Comment: Your description of the pacing of the Apple TV+ adaptation of Foundation as “glacial” was kind. The first three hours managed to get about 60 pages into the FIRST book of the original trilogy. (I’m not going to even speculate about the other Foundation novels Isaac Asimov wrote.) Since most of the books involve people sitting around talking, I understand why the producers had to make changes to keep audience interest. In fact, all of the scenes with Empire are interesting, even though they are a total creation for the TV adaptation. The few romantic insertions are more of a problem, given that the first book alone covers 300 years, most characters will be gone before the audience can get invested in them. At any rate, I’ll stick with it — I’ve been waiting for this since I first read the books 60 years ago. — Rick C

Matt Roush: Maybe sci-fi fans will be encouraged by the news that Apple has renewed Foundation for a second season. I’m still debating about taking the plunge again, having been less than entranced by the first round. I’m only glancingly familiar with the Asimov books, but it strikes me that this is one of those seminal works of fiction that resists dramatic/cinematic treatment.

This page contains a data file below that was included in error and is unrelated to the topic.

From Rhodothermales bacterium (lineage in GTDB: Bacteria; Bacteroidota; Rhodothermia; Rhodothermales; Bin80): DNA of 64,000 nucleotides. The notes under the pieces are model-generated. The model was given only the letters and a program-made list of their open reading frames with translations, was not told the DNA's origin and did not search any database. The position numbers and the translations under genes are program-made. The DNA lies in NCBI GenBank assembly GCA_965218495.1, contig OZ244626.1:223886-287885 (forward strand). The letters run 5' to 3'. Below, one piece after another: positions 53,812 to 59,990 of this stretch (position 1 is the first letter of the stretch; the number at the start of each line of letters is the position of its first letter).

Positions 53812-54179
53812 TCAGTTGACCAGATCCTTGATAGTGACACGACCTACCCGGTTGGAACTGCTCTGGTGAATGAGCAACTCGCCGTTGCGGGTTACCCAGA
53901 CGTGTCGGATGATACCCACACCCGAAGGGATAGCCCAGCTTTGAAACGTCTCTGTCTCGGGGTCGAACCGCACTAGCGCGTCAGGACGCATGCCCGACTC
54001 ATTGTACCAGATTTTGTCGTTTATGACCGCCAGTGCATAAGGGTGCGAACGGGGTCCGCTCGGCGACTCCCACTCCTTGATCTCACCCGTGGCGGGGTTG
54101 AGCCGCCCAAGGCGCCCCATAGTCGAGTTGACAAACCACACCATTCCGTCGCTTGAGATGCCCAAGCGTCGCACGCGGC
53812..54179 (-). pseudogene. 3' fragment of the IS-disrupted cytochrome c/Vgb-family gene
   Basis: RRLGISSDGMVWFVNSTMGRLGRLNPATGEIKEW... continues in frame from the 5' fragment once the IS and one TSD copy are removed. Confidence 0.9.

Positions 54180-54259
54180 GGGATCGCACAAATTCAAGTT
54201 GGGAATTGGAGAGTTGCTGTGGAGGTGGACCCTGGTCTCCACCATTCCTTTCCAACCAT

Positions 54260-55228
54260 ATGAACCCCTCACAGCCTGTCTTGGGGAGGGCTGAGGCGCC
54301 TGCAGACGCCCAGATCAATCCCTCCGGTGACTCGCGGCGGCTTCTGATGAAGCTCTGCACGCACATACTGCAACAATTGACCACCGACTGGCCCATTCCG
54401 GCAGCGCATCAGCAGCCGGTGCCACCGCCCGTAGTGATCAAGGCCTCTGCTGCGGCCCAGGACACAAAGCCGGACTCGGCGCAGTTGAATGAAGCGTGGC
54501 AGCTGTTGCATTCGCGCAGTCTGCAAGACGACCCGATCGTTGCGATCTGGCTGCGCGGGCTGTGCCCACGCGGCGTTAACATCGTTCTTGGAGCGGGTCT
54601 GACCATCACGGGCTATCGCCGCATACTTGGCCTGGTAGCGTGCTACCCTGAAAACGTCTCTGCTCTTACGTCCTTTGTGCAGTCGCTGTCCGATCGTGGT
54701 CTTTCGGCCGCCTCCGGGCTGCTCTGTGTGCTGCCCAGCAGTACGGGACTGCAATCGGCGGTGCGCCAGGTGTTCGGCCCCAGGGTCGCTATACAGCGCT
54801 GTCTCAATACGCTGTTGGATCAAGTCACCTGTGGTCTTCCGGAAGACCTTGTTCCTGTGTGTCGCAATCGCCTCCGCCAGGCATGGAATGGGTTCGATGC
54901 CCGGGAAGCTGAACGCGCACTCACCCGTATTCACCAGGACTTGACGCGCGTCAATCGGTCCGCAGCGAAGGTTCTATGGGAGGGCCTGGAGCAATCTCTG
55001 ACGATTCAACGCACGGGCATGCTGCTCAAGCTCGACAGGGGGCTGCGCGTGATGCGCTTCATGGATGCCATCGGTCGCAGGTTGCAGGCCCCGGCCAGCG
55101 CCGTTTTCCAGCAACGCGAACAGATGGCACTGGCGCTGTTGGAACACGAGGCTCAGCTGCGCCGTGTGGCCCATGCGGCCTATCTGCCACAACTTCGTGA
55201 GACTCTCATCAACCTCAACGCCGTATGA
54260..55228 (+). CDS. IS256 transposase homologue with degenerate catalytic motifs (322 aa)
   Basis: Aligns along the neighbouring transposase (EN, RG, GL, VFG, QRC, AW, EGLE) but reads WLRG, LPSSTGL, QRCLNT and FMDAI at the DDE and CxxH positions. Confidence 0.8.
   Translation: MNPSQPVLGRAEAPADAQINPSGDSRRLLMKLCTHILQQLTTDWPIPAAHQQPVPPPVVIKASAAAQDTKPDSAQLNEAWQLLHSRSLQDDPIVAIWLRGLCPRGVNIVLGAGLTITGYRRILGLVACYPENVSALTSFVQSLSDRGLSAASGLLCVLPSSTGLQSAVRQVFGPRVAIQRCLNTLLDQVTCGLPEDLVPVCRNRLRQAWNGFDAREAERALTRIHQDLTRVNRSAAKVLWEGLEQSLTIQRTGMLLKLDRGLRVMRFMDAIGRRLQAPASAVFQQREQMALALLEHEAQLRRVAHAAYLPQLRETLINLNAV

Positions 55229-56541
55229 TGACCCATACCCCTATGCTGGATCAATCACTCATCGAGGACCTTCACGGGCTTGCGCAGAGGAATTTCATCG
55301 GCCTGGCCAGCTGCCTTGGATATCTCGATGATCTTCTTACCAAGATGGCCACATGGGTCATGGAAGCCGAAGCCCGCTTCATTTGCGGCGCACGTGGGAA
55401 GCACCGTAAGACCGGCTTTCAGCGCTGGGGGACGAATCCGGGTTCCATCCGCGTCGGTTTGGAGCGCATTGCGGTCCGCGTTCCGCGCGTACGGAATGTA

A Shorter Tour of Duty

Question: Will SEAL Team be a full 20something season on Paramount+ or the more usual dozen-ish episodes more common to streaming shows? Somewhere along the line I will pick up Paramount+ for a month so I can binge it, and also Evil. — David F

Matt Roush: Your instincts are correct that the military drama will produce fewer episodes — 14 total, I’m told — than the broadcast network norm once the show moves from CBS to the streamer after the fourth episode. Your strategy of signing up for a short time, to watch the shows you know you want to see — and you’re in for a treat with the second season of Evil — is no doubt going to become even more commonplace as consumers navigate this increasingly cluttered (and costly) universe.

Seeing Ghosts

Question: Did I see Nick Offerman as one of the basement ghosts on CBS’ Ghosts?  Heavily bearded, and only a few lines, but I’m sure that was his voice and face! — KD

Matt Roush: I have been assured this was just an uncanny resemblance. But wouldn’t he be great on this terrific new comedy series?